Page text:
Fauxhasset Paroder, 41st Edition: What the cup?

By Thamanda Crompson
Fauxhasset Paroder Staff Reporter

The town is in an uproar over Mooncheddar’s new spring coffee cups.

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They’re calling these “Easter cups?” At least the red cups evoked imagery of the blood of Christ. Photo credit

Customers leaving the drive-through Friday morning found that their coffee had been handed to them in an unadorned, pastel yellow, green, or turquoise cup instead of the usual white cup emblazoned with Mooncheddar’s iconic green logo, which features a Pegasus flying to the moon.

The Paroder caught up with some dissatisfied customers who had gone to the trouble of parking their cars and storming into the café to demand an exchange.

“Look at this cup! Do you see any bunnies on this cup?” said one customer, whose fingernails had been manicured to look like Easter eggs. “The Easter cups always have pictures of bunnies and flowers and little baby chicks hatching out of eggs. Mooncheddar is clearly waging war on Easter.”

Other customers agreed with her.

“It’s this ‘political correctness’ bullsh—t that’s taken over the country,” said a grizzly, bearded old man. “Can’t even wish somebody a happy Easter without the PC police coming to call. These damn millennials and their safe spaces.”

Deacon Mooney of the last remaining Christian church in Fauxhasset was found weeping softly in the corner as he prayed the rosary.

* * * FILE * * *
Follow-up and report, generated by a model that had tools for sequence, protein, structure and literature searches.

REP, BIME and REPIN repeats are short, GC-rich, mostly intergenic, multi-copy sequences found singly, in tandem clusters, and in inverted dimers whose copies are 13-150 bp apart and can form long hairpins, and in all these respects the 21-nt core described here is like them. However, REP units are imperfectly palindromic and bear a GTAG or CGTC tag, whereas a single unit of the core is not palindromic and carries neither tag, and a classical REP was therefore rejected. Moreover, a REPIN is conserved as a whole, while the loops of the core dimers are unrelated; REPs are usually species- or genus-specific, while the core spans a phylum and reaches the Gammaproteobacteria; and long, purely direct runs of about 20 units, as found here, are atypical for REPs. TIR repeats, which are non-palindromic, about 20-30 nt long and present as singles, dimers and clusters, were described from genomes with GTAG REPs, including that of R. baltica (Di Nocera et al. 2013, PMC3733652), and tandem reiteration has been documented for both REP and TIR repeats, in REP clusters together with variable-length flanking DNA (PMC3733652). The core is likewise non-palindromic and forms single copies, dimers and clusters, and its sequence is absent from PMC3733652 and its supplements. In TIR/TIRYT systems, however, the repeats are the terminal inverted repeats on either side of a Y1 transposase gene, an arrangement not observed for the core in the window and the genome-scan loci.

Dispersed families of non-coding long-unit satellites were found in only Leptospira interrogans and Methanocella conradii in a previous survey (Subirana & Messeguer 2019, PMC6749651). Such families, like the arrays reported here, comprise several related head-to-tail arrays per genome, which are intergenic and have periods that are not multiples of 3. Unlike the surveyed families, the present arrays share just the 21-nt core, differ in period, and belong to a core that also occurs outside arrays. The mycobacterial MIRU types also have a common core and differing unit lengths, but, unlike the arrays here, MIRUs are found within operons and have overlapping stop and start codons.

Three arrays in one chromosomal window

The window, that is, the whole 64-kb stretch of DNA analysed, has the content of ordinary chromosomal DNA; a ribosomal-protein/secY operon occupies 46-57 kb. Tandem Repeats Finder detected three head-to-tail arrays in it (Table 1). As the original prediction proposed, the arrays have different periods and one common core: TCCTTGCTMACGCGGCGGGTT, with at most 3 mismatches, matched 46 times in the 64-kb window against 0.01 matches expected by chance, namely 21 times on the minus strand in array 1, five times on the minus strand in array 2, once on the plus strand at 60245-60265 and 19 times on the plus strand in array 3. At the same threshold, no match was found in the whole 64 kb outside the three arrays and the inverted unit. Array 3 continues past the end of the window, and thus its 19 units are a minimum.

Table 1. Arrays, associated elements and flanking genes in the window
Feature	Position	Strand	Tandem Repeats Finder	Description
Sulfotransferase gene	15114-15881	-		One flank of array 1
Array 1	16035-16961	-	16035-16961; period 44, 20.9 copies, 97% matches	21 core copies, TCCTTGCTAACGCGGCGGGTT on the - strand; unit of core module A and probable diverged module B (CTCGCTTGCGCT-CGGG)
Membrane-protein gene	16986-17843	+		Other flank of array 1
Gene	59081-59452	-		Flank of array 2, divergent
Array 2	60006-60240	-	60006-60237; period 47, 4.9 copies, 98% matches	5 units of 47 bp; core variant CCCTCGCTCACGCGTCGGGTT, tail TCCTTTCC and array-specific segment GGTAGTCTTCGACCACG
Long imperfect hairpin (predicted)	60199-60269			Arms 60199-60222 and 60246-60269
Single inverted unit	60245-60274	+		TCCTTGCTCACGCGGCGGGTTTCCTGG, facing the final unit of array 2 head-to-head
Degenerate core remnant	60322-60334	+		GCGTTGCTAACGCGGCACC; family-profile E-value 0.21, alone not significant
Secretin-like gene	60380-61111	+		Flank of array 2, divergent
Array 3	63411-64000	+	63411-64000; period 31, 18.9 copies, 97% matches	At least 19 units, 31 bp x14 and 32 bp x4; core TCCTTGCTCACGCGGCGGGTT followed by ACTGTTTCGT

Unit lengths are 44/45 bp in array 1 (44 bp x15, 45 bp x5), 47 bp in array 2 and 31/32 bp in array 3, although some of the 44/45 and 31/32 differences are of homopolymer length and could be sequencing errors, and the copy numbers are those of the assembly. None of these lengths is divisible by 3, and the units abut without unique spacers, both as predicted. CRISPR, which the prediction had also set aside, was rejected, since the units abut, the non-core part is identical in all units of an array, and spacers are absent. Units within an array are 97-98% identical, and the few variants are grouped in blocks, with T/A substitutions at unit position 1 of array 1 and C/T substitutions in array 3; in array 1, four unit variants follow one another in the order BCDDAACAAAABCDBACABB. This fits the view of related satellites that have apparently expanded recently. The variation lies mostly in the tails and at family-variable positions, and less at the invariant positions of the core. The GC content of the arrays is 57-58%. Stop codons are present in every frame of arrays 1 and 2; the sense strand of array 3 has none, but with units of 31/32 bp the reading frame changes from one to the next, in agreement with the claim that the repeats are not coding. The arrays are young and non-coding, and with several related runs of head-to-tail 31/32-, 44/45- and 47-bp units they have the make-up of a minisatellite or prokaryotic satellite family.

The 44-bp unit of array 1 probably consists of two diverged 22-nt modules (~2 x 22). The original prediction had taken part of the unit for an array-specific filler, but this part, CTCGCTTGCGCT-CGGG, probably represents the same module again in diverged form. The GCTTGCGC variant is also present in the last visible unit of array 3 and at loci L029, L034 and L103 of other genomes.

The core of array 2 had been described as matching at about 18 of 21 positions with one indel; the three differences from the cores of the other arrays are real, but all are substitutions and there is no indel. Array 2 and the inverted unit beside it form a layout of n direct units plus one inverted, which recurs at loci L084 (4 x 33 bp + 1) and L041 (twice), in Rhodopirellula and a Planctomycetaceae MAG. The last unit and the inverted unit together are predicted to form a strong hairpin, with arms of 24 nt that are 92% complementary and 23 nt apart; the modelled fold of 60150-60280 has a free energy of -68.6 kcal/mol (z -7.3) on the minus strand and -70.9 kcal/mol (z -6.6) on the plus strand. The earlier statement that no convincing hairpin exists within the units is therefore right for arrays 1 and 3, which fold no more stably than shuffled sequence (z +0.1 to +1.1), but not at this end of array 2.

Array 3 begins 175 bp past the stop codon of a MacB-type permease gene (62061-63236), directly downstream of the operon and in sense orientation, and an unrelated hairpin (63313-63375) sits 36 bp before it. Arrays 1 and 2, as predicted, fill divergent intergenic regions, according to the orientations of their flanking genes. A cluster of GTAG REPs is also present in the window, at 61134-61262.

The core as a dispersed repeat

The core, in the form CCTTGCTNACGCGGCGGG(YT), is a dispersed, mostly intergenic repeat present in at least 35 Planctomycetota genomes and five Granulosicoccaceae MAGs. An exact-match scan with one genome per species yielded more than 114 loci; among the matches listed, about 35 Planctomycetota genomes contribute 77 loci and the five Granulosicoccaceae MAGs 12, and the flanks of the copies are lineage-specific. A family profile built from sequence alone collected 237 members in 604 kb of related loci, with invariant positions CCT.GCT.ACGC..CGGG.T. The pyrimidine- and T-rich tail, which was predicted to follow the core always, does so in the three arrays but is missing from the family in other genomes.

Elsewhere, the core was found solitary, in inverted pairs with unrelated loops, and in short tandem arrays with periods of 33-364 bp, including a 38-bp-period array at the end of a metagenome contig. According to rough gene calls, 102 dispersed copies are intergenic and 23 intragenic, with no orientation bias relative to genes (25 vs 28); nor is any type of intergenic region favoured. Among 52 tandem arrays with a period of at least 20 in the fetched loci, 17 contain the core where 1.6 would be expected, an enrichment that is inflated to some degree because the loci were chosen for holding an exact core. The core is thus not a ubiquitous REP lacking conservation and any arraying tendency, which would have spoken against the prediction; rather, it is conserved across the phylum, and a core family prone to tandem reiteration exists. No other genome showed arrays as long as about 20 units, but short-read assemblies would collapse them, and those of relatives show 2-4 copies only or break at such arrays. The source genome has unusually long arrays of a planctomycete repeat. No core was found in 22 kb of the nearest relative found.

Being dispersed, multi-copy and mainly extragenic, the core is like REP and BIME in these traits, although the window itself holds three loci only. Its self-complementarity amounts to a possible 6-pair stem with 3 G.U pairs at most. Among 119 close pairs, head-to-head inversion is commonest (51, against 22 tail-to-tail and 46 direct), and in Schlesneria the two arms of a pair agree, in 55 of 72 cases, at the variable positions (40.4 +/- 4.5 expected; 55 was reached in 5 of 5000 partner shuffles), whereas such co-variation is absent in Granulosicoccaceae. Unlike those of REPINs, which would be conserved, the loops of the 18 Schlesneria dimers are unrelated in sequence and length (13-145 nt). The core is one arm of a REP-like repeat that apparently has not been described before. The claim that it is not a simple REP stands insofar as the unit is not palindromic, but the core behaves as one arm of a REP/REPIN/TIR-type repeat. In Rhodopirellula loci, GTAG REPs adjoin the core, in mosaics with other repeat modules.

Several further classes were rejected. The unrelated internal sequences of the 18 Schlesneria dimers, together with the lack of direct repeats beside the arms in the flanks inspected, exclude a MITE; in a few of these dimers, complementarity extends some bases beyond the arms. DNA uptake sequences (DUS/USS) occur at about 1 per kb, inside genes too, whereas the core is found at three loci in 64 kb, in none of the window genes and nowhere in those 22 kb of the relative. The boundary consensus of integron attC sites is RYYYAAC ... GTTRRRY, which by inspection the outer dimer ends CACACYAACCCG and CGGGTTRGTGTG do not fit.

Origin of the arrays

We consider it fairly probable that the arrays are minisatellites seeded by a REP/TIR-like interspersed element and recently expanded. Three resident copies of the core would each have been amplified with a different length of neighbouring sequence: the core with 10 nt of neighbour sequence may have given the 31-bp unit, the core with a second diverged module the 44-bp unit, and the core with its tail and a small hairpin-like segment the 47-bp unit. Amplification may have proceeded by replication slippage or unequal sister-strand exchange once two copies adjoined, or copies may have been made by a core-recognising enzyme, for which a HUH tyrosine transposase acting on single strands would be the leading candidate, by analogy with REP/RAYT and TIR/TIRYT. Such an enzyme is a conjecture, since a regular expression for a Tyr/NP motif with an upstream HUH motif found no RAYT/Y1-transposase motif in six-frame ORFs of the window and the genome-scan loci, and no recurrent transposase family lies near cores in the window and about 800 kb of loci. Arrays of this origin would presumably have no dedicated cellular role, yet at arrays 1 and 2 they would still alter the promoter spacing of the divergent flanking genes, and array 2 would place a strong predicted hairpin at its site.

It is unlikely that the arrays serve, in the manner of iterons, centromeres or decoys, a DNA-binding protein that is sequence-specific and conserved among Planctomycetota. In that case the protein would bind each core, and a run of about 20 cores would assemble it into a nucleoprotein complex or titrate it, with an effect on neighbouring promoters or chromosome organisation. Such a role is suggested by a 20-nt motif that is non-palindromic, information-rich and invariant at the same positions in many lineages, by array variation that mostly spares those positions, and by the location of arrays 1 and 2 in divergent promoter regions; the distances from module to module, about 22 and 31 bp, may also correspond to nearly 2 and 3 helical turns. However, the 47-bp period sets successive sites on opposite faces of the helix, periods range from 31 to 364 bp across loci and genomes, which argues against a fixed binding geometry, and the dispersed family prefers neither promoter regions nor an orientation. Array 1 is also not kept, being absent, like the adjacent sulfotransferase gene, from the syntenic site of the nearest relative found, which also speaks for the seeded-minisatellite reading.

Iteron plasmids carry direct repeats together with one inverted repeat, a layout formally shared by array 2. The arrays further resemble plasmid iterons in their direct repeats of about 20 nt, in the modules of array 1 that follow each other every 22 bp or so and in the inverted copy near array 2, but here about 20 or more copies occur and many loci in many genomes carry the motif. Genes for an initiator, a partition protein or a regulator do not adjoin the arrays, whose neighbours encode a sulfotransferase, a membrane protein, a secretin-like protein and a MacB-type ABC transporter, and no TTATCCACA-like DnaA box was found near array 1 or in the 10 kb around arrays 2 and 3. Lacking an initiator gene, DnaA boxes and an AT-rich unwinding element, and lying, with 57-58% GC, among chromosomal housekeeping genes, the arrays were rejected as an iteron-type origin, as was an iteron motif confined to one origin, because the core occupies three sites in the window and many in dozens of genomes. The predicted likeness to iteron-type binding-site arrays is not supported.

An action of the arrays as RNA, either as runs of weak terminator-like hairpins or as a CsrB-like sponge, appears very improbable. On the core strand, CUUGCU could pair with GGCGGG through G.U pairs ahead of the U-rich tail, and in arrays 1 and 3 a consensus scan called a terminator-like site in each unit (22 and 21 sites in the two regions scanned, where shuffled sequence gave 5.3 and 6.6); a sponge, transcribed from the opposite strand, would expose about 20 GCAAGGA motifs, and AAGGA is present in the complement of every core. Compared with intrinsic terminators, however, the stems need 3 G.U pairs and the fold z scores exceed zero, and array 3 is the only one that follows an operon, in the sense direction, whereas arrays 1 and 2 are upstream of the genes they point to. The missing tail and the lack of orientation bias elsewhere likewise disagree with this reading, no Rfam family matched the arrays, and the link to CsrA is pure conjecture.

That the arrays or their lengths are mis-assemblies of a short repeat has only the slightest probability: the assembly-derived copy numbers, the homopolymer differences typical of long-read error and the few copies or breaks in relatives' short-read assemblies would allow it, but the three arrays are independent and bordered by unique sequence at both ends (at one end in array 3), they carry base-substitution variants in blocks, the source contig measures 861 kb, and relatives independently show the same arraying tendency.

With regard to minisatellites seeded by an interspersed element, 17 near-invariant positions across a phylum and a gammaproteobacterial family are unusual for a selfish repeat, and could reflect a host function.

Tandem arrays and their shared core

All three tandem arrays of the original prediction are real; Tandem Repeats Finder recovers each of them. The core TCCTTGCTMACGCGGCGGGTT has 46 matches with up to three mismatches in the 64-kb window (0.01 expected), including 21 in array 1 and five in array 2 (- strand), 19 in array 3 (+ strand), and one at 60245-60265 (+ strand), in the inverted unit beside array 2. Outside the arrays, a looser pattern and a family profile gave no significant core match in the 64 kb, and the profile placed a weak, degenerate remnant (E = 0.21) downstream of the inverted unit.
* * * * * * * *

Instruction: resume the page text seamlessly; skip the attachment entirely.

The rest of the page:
“I don’t have a problem with them getting rid of the bunnies,” said Mooney. “All that stuff is just a pagan distraction from the true meaning of Easter.”

“But if they wanted to make a point,” said Mooney, “they should have depicted Christ on the cross, his tears mingling with blood from the wound in his side. Two thieves, nailed to crosses on either side of him. Or Christ emerging from the grave, holes still in his hands, but radiant and victorious as his followers weep and fall to their knees in worship. Now that’s messaging.”

Nom Chompsky, town glutton, could be seen at the next table, collecting everyone’s rejected coffees and chugging his way through the ever-growing collection of pastel cups.

“This is my 19th free coffee today,” Chompsky declared. “I don’t care what color cup it’s in; I’m just thankful the Lord has chosen to bless me with caffeine for another day.”

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